SAN FRANCISCO -- Facebook says it will clamp down on efforts to use its services to interfere with the 2020 U.S. census, including the posting of misleading information about when and how to participate, who can participate and what happens to people who do.
The social media giant said Thursday that it is also prohibiting advertisements that portray taking part in the census as “useless or meaningless" or that encourage people not to participate.
Facebook and other social media companies have similar policies around voter suppression, banning misleading information about when and where to vote, for instance.
False and inaccurate information is already circulating online about the census. For example, posts in neighborhood chat groups warned that robbers were scamming their way into people’s homes by asking to check residents’ identification for the census. That was a hoax, but it left Census Bureau officials scrambling to get the posts removed from Facebook.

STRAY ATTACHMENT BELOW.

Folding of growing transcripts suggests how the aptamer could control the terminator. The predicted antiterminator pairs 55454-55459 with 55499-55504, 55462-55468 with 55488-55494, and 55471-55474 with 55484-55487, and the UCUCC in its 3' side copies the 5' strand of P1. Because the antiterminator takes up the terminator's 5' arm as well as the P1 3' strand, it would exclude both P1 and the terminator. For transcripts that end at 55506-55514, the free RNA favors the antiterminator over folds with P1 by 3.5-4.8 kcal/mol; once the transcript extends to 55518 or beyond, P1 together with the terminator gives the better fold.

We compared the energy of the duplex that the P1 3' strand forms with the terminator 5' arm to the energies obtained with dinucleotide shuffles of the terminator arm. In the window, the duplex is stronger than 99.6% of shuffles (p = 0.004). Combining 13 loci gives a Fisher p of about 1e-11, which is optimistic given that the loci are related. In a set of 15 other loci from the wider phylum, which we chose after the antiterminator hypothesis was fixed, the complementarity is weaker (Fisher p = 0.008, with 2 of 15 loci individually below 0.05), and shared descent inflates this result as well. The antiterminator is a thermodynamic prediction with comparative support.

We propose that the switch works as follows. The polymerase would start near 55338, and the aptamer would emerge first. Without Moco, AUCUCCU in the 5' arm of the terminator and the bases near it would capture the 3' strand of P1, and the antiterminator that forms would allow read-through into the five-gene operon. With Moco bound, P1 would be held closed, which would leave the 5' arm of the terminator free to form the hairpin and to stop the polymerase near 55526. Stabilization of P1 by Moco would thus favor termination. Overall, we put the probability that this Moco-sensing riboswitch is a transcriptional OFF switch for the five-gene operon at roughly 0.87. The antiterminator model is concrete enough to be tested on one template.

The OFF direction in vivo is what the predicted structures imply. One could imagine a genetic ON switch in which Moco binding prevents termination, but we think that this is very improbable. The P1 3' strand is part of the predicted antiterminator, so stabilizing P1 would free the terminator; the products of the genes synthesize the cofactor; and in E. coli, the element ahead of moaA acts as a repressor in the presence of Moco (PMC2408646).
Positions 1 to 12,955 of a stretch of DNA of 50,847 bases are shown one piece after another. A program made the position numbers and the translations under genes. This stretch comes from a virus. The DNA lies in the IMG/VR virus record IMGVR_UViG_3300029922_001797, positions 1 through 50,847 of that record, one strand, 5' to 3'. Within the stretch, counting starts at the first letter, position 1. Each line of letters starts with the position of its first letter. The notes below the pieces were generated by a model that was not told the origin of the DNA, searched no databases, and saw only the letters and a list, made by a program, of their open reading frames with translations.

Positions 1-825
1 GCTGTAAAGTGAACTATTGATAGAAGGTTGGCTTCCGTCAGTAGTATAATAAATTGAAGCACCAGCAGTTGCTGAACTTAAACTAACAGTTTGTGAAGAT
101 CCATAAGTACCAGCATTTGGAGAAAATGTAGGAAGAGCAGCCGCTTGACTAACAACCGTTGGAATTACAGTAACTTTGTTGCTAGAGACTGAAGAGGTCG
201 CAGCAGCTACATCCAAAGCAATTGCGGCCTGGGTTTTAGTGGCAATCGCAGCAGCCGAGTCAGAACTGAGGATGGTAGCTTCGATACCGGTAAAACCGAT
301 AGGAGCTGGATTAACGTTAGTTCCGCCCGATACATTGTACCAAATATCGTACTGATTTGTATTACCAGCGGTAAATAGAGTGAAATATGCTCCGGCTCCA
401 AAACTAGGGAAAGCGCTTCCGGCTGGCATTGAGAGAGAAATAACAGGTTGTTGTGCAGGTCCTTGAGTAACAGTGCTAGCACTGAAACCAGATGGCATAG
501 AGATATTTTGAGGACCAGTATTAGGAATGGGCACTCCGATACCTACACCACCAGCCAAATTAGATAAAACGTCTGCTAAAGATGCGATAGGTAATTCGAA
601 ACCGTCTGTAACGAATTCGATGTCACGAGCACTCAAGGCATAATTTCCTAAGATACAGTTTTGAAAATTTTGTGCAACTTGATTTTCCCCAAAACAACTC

Facebook has been under fire for its policy of not fact checking political advertisements on its service, which critics say allows politicians to lie and then pay Facebook to amplify their lies. The company says that all ads on its service are subject to its community standards, which now include the census interference policy. False information doesn’t always violate the community standards, however.
Google is also trying to prevent misinformation about the census from spreading. It set up a team to focus on preventing hoaxes and misleading information, and expanded a YouTube policy to make it clear that misinformation about the census is prohibited on the site and will be taken down.
Mae Anderson reported from New York. AP Technology Writer Rachel Lerman in San Francisco contributed to this story.